While she often tackles the topic of race throughout the special, her views sometimes come off a bit moderate, progressive intentions. She jokes, “Black people, we need a better publicist.” On the surface it seems like a harmless observation, but it erases the systemic struggles that come into play. Her callowness on the topic is displayed further as she continues with, “How about some billboards all across the country of black people doing fun, non-threatening, frivolous shit.” Sykes has been successful in Hollywood for probably as long as I’ve been alive, starting her career in the ’90s with an appearance on Def Comedy Jam and eventually writing for and acting in The Chris Rock Show. It seems that she could benefit from being reminded that most black people don’t have the privilege to do “frivolous shit.” Black people, or all people of color for that matter, should not feel that they have to partake in mostly white activities to be seen as non-threatening, especially in a system that actively works to keep them oppressed.

Wanda Sykes has always been a legend in my eyes. She’s the only queer person of color in comedy I can easily recall who has inspired me my whole life. Her contributions in the world of comedy are prolific and immense. Going back to her 2006 HBO special Sick and Tired, Sykes’s material has always tackled race and economic issues; by her 2009 special, I’ma Be Me, she was newly out and was finally touching on life as a queer black woman.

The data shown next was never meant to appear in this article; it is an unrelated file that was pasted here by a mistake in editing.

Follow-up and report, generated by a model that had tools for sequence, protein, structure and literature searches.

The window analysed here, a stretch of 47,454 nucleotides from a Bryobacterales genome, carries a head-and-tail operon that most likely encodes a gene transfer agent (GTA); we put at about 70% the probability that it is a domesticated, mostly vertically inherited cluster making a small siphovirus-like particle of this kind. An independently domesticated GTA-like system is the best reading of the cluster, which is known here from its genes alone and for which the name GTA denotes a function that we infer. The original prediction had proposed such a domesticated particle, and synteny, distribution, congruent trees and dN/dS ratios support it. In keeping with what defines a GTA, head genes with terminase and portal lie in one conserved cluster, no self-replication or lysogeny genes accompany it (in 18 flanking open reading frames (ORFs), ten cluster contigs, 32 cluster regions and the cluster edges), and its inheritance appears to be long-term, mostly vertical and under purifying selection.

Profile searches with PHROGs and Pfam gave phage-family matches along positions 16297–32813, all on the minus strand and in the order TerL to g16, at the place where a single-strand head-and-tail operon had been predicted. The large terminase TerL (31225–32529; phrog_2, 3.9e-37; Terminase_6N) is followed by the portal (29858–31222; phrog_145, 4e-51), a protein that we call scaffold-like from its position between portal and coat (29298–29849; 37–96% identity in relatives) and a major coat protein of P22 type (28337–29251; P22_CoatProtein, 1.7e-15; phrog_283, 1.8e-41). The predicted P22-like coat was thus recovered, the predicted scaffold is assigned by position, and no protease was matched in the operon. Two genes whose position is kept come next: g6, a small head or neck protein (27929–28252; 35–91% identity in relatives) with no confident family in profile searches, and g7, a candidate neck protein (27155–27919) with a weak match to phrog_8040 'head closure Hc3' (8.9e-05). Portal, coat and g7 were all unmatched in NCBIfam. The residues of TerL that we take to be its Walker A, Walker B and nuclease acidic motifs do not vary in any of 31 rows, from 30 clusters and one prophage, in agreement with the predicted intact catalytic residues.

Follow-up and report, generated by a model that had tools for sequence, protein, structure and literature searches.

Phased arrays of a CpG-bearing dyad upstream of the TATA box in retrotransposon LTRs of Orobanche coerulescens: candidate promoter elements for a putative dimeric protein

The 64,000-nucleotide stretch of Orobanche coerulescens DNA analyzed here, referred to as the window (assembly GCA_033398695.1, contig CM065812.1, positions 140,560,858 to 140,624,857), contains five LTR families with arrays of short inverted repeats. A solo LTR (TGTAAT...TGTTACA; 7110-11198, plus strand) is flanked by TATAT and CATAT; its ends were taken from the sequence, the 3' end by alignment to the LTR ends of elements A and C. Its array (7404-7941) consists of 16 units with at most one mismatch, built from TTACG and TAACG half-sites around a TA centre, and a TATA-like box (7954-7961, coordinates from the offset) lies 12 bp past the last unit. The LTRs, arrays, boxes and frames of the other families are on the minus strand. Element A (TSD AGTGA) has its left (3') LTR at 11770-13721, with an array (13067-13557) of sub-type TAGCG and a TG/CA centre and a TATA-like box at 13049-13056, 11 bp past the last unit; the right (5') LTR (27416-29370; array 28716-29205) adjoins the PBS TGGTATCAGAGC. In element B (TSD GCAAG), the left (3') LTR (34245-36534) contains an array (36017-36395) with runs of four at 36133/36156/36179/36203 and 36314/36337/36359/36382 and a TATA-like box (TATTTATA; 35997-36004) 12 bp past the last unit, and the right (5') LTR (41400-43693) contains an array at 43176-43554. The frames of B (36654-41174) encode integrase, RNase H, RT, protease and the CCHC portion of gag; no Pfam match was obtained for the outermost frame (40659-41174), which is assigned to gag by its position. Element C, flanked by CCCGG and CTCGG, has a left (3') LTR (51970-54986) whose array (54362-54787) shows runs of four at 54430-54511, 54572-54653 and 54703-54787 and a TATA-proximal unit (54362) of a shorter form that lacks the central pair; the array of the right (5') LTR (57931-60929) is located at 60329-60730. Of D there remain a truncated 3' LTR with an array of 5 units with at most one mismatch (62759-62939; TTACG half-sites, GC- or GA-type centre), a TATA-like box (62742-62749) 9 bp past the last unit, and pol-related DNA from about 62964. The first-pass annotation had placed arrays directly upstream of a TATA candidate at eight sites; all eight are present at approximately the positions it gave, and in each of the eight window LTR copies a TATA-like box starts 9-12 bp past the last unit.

While MoNique’s Netflix protest seemed a bit preposterous — her outrage seemed to be a bit egotistical considering her resume might not be as dense as Sykes’s, but definitely has more heft than Amy Schumer’s — it worked in Sykes’s favor. Mo’Nique is still without a special and doesn’t seem to be getting one anytime soon; Sykes doesn’t mind working harder to get what she wants, even when it’s disproportionate. This does not, and should not be the norm for black women. It, unfortunately, is. Someone of her caliber shouldn’t even have had to fight as hard as she did in order to get this special, which was Mo’Nique’s point all along. It feels unfair to shame Sykes for taking any and all opportunities afforded to her, but part of me also wishes she took a stand also. She didn’t need Netflix, they needed her. By doing this, she not only helps Netflix make money, but also sweetens a minor PR fiasco. Now, there’s only one black woman reaping the benefit while the other sits on the sideline in the same position she began. We have seen this story time and time again. Would Netflix even have this special if it wasn’t for Mo’Nique’s protest? I’m always happy when the world is given a Wanda Sykes stand up special; her talent is like no other. But I hope one day she realizes that one of the main reasons she lives in a house full of white people, is because she’s a black person who has been afforded to do “fun, non threatening, frivolous shit” with them.